La Jolla, CA.–The number of California homeowners pulled into the formal foreclosure process dropped to an eight-year low last quarter, the result of an improving economy, foreclosure prevention efforts and higher home prices, a real estate information service reported.
Continuing a years-long trend, mortgage defaults remained far more concentrated in the state’s most affordable neighborhoods. Zip codes with 2013 median sale prices below $200,000 collectively saw 3.1 NoDs filed last quarter for every 1,000 homes in those zip codes. The ratio was 2.0 NoDs per 1,000 homes for zip codes with $200,000-to-$800,000 medians, while there were 0.7 NoDs filed per 1,000 homes for the group of zips with medians above $800,000.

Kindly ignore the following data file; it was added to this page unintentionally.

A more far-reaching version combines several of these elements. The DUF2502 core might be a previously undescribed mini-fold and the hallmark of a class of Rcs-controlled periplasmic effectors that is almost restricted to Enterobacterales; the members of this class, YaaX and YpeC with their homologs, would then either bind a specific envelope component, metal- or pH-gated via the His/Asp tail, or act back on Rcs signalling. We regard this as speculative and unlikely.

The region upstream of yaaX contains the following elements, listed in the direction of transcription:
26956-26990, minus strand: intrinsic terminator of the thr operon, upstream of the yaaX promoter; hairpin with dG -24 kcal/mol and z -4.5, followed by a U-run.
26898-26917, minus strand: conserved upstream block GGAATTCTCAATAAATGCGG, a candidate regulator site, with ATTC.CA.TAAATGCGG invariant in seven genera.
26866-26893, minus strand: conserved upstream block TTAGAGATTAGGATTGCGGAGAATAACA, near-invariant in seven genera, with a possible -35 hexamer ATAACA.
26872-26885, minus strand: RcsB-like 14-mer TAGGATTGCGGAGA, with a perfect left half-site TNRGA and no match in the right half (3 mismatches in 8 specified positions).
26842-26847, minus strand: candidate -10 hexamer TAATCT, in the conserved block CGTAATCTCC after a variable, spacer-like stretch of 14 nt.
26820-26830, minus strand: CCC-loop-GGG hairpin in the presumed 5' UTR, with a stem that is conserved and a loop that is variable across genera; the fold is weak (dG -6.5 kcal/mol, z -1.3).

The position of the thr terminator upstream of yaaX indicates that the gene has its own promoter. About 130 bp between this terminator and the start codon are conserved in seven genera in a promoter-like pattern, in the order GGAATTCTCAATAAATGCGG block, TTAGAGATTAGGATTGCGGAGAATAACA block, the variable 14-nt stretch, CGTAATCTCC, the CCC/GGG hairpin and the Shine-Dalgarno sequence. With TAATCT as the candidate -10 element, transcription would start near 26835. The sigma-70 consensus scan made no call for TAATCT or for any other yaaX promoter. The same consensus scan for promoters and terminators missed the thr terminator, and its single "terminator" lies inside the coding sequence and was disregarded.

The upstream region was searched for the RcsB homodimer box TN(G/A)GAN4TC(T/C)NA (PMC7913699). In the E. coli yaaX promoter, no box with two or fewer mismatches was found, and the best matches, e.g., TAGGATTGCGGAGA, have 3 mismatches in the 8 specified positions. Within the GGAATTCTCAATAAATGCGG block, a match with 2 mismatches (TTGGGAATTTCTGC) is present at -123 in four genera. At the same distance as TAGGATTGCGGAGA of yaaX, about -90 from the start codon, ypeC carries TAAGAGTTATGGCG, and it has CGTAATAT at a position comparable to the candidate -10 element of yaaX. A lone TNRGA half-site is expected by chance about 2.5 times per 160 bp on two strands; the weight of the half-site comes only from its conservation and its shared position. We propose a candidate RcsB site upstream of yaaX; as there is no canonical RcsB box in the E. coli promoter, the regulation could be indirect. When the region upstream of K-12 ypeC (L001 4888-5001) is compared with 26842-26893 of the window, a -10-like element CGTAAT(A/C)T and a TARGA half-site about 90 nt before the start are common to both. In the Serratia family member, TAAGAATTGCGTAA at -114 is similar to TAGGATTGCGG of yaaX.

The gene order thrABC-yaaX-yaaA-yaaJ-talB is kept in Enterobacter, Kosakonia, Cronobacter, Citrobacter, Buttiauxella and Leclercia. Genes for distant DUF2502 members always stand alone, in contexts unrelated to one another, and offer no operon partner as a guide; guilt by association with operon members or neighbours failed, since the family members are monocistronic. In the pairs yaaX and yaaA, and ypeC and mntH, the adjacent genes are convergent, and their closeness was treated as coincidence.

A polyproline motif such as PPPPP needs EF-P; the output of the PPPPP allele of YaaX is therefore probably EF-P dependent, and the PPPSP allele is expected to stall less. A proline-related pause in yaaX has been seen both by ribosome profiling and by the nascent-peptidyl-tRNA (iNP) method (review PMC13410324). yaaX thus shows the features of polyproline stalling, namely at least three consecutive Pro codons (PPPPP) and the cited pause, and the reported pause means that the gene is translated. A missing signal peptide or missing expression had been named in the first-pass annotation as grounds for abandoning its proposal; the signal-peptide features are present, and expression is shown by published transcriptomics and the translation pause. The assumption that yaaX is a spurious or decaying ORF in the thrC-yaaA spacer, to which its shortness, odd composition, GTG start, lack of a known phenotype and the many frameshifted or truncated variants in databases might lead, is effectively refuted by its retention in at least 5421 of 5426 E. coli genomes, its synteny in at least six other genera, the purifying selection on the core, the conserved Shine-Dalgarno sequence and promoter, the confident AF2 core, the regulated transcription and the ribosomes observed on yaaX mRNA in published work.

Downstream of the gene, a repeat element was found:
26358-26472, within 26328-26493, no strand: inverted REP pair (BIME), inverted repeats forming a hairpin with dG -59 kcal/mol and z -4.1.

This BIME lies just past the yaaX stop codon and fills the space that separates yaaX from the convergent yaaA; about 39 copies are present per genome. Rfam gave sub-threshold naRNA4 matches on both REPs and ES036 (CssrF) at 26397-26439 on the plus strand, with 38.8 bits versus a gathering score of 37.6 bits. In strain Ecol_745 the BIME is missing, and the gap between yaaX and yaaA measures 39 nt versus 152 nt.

Most of the loans going into default are still from the 2005-2007 period. The median origination quarter for defaulted loans is still third-quarter 2006. That has been the case for more than four years, indicating that weak underwriting standards peaked then.
Although 18,120 default notices were filed last quarter, they involved 17,773 homes because some borrowers were in default on multiple loans (e.g. a primary mortgage and a line of credit).
Among the state’s larger counties, loans were least likely to go into default last quarter in Marin, Santa Clara and San Mateo counties. The probability was highest in Tulare, Fresno and Riverside counties.
At formal foreclosure auctions held statewide last quarter, an estimated 40.0 percent of the foreclosed properties were bought by investors or others that don’t appear to be lender or government entities. That was down from an estimated 48.0 percent the previous quarter and down from 41.8 percent a year earlier, DataQuick reported.